Saturday, September 23, 2006

European geography

This subject has been recently added to the knowledge base.

This will depend rather heavily on physical and natural science, once I catch up in this development plan to where I reached in the previous one.
Most of Personal studies, as already mentioned, is too undeveloped to be useful, and I don't have many European geographers to mention. I have been using geographical information from biographies to help guide development in this section, and expect to continue this approach.
So far it is not well subdivided, but I have connected it somewhat to Asian geogrpahy, which it neighbors.
Culture, including conceptual culture, such as maps, is also not yet developed enough to be useful, nor are the social institutions well connected. Most of socology is not yet very useful, although I have been using locations of cities in connection with biographies to help guide development of geography. So far, there isn't quite enough material to prompt division of the subject. This is closely connected with Western Civilization, and most of my information comes from and through the efforts of anglic peoples. The contributions of Asiatic civilization to European geography would appear to be rather minimal.
European geography has a long history, but so far I am only considering modern contributions, including those of the 20th century. Specific divisions of the late middle and late 20th centuries are so far and unfortunately mostly empty of content.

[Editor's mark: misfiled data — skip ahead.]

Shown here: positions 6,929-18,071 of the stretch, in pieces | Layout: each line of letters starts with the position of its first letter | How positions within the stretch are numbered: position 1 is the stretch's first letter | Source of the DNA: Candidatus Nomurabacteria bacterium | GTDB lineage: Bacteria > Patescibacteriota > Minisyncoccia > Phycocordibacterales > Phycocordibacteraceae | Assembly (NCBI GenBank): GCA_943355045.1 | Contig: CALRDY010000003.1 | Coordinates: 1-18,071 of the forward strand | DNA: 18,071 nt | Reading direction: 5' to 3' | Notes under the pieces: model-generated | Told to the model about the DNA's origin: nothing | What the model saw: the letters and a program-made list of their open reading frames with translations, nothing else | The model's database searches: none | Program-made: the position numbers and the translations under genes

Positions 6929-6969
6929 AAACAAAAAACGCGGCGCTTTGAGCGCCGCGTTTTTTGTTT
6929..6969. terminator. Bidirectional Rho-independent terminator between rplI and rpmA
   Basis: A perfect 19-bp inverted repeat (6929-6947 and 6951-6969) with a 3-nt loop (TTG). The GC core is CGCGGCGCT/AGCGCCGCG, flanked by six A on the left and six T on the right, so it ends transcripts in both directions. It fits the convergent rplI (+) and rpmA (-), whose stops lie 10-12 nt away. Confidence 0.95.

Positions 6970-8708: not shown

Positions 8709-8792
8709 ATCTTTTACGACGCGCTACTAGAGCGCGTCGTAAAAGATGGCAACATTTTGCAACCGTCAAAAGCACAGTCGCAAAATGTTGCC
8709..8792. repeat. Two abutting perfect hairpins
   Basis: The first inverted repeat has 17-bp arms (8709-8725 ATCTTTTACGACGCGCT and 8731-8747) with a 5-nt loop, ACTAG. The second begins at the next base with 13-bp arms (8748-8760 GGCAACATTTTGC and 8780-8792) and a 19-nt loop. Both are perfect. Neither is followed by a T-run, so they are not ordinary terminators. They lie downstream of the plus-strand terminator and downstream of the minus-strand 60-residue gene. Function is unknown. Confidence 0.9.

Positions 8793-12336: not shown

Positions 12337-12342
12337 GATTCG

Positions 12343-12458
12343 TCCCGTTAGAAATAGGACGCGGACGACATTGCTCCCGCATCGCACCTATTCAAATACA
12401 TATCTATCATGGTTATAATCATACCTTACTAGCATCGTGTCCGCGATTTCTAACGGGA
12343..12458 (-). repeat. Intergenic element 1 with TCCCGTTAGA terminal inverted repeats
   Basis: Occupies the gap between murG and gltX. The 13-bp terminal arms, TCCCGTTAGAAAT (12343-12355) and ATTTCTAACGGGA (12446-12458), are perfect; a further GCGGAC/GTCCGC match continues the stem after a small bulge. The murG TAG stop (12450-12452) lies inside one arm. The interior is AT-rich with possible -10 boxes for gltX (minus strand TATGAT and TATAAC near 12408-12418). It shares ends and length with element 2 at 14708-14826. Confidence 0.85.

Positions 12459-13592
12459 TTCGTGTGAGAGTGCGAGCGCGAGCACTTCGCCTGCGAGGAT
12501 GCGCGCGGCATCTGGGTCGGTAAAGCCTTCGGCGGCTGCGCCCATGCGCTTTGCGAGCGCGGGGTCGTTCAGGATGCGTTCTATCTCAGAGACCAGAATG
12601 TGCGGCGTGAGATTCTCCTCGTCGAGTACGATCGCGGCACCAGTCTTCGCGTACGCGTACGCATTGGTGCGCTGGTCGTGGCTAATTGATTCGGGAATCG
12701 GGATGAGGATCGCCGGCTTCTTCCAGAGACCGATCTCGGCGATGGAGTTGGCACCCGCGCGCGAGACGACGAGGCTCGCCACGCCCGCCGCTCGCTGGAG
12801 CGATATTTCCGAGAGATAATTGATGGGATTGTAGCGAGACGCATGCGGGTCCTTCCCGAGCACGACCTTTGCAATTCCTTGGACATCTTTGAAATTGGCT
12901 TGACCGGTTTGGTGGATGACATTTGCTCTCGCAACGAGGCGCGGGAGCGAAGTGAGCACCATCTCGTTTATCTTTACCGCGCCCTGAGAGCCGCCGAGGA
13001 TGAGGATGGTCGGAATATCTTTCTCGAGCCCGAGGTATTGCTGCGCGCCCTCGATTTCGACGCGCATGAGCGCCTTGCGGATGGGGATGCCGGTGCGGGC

Friday, September 22, 2006

Human Geography

In previous versions of this knowledge base, I have more or less neglected this subject, which has seriously weakened the entire program. Human geography deals with such things as the population, natural resources, and land use of a particular area. I have chosen to divide this up by area or region.
One of the various difficulties of geographers is the problem of boundaries. There are few natural dividing lines on the surface of the earth; political boundaries are quite arbitrary. In general, I have chosen to follow traditional lines, except where there seems good reason to ignore them.

This subject naturally depends heavily on nature and natural science, particularly earth science and biology. Until these are better developed themselves, I have difficulty making this connection more explicit.
It is difficult to say geography is influenced by the human body and psychology, except to note that some regions are difficult to explore and travel through due to the hardships involved. Since everyone lives somewhere, and many people live or travel in more than one place, analysis of multiple biographies is one indicator of the relative importance of various places, although it is only one such indicator. Another way biography is of use is in making note of prominent explorers and geographers.
The connections to other areas of anthropology will be highly important here, although just how much so will not be clearly evident until these areas are better developed. The areas I am currently working with are European geography, Asian geography, North American geography, and African geography.
Human geography will make use of a variety of culture-related tools. Conceptual culture will include the highly important, even essential area of maps, once it is better developed.
The institutions of family, education, economics, government, and religion will also be important, although these are not sufficiently well developed.